I now smell synthetic tire rubber from a floor pump as D. operates it. This is now a daily activity before D. takes his car for a ride, analogous to some cyclists. I see the car mounted on a big old wash fluid container, made of plastic. No such unfortunate mishaps will happen again! he states as he continues pumping.

Friends are seated at a nearby table, We are enjoying a Zachary’s deep dish all-meat pizza, although someone is needlessly complaining about the quality. If we finish before 5 o’clock, we get a discount on ordering another one, someone mentions. I think of this possibility as a I start attacking the saucy crust on my slice. We start negotiating the bill. I forget to whom I’m a creditor and to whom I’m in debt.

Monday, September 1, 2014

Terrarium

T. holds in her hands the terrarium bowl housing her bioilluminescent moss species that will act as key players in our project’s fulfillment. These mosses are clumped into grapefruit-sized agglomerations and synchronize their discharges of yellow and green light like the movements of a symphony. This is quite the dazzling display, and truly a feat of modern bioengineering, here in the empty Missouri street. It brings a big white smile to T.’s face.

The colored-light display is interrupted by the crackling thunder of an oncoming storm. I look upwards from the grey asphalt to the smoky blue of the clouds, which suddenly blind me with plasmas. I tell T. that we need to go inside, although the conception of this thought is met with a barrage of lightning bolts from the unseen pantheon hitting trees, bicycles, everything. I hop on my road bike to hasten my escape, but fail to understand I have mounted a mobile target for these angry gods.

---

I discover L. has modified the Jeep with neon interior lighting and various proximity technologies

D. is upset with me, having not been able to find me, wasting time and risking being fired

M. admonishes me before I take off from their garage

motorcycle gyroscopic stability on the hairpin turns

mint green building on the empty side street in Cambridge, clean as a whistle and utopian, strong although short amongst the soulless skyscrapers

single pair of doors made of glass form the entrance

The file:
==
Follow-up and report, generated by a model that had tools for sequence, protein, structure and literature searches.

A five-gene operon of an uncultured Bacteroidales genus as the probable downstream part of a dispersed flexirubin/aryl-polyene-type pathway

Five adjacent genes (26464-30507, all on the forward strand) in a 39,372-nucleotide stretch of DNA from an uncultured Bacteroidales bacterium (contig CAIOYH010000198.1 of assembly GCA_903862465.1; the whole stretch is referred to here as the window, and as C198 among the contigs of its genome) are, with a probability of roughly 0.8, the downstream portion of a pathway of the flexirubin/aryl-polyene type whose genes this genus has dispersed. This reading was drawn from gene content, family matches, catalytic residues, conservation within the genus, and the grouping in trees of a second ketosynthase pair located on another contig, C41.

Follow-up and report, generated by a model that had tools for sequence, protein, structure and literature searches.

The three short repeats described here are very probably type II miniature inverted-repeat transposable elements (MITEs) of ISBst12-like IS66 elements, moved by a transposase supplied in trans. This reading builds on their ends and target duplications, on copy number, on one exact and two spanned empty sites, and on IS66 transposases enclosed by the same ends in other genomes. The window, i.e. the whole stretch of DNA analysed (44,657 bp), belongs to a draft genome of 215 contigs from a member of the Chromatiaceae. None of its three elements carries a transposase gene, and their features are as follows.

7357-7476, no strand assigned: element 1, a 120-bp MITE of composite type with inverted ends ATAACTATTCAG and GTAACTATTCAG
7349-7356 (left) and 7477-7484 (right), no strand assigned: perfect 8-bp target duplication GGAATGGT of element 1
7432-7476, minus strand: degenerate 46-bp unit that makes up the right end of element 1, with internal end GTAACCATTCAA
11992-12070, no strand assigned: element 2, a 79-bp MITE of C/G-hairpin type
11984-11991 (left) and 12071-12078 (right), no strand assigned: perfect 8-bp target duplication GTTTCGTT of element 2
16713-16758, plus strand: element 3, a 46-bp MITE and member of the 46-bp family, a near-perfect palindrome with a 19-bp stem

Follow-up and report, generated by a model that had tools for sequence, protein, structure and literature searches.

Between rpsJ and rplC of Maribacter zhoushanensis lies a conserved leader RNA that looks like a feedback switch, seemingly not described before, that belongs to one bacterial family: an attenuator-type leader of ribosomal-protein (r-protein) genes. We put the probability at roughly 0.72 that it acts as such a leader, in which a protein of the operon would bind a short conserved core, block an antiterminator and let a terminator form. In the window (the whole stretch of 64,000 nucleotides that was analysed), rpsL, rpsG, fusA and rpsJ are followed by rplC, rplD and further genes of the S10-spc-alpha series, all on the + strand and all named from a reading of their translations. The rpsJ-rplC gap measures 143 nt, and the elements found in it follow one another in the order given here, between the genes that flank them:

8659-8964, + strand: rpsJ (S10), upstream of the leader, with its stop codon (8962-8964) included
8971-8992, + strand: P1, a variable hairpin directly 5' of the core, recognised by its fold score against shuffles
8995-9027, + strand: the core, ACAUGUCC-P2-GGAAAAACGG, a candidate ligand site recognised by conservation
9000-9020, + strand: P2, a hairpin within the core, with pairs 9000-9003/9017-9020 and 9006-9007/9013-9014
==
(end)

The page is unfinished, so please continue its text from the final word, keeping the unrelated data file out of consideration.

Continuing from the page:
the lobby has a fake plastic plant and directory with movable chiclet letters; I search for the ambassador on the list

nothing else in the lobby, just mint green stairs, like the ones in the reactor

motorcycle to china town

I have unraveled the fire hose all across the bay bridge to Oakland, paying no mind to the disastrous effects on human life were it to snap

it’s meant to be a last form of communication if the mission fails

motorcycle motorcycle

the bridge is lovely with this new cyberpunk LED lighting; plays well with the Akira-inspired Ducatis

the chinatown discotecque contains all sorts of life, although I care for the one carrying the nuclear football

the briefcase is opened, but I order a beer and some food from the papuseria instead

Wednesday, July 16, 2014

Amphibious Smart Car

At dusk, I descend into the lake and begin the swim across as part of my day’s workout at the forest retreat. A seemingly feasible task at first, the waves become larger and more ocean-like at the half-way point, where to my despair the other bank looks as far away as it did when I began. Turning around, I am much more overwhelmed by the current and worry I won’t have enough energy to make it back. (How did those guys in Gattaca do it?) Yet, at dawn, I finally reach calmer waters and see the sign welcoming people to the area. It is the only visible manmade object in the grove of Joshua trees, which point towards an inlet where I can beach.

Once I arrive at this beach, a white smart car, driven by a yuppie-ish twenty-something white male in a blue polo, is driven right into the water and enters an amphibious mode to navigate the Bay of Tamaulipas. As he makes way out to sea, he says something to the effect that he is on a journey to discover himself. Exhausted, I make my way inland and surmount a steep embankment consisting of very fine bleach-white sand. I see my friends off yonder gathered near a circular arrangement of marble benches.

The President is holding a community gathering here in order to hear the public opinion about the crises in the Middle East. He shakes the hands of the two friends on my right, and as he seems to acknowledge that I’m here with an expression of disappointment, he does not shake mine, and enters a reclined position as the first testimony is given. This one comes in the form of song, recorded in Arabic by the friend to my left and played from a Walkman. The embellished crooning takes a life of its own and fills all of our ears with the despotic injustice being experienced by his family. The President is not impressed and ask for the next statement.

The second testimony comes from the Hispanic friend on my right,  also in the form of a song, this time recorded in Spanish. It is played from a device that has a switch that can transition the music into the English language. This performance is not as well-produced, and my friend’s embarrassed face seems to acknowledge this. This does not help our leader’s continued disinterest in the public inquiry, forced upon him by his PR committee…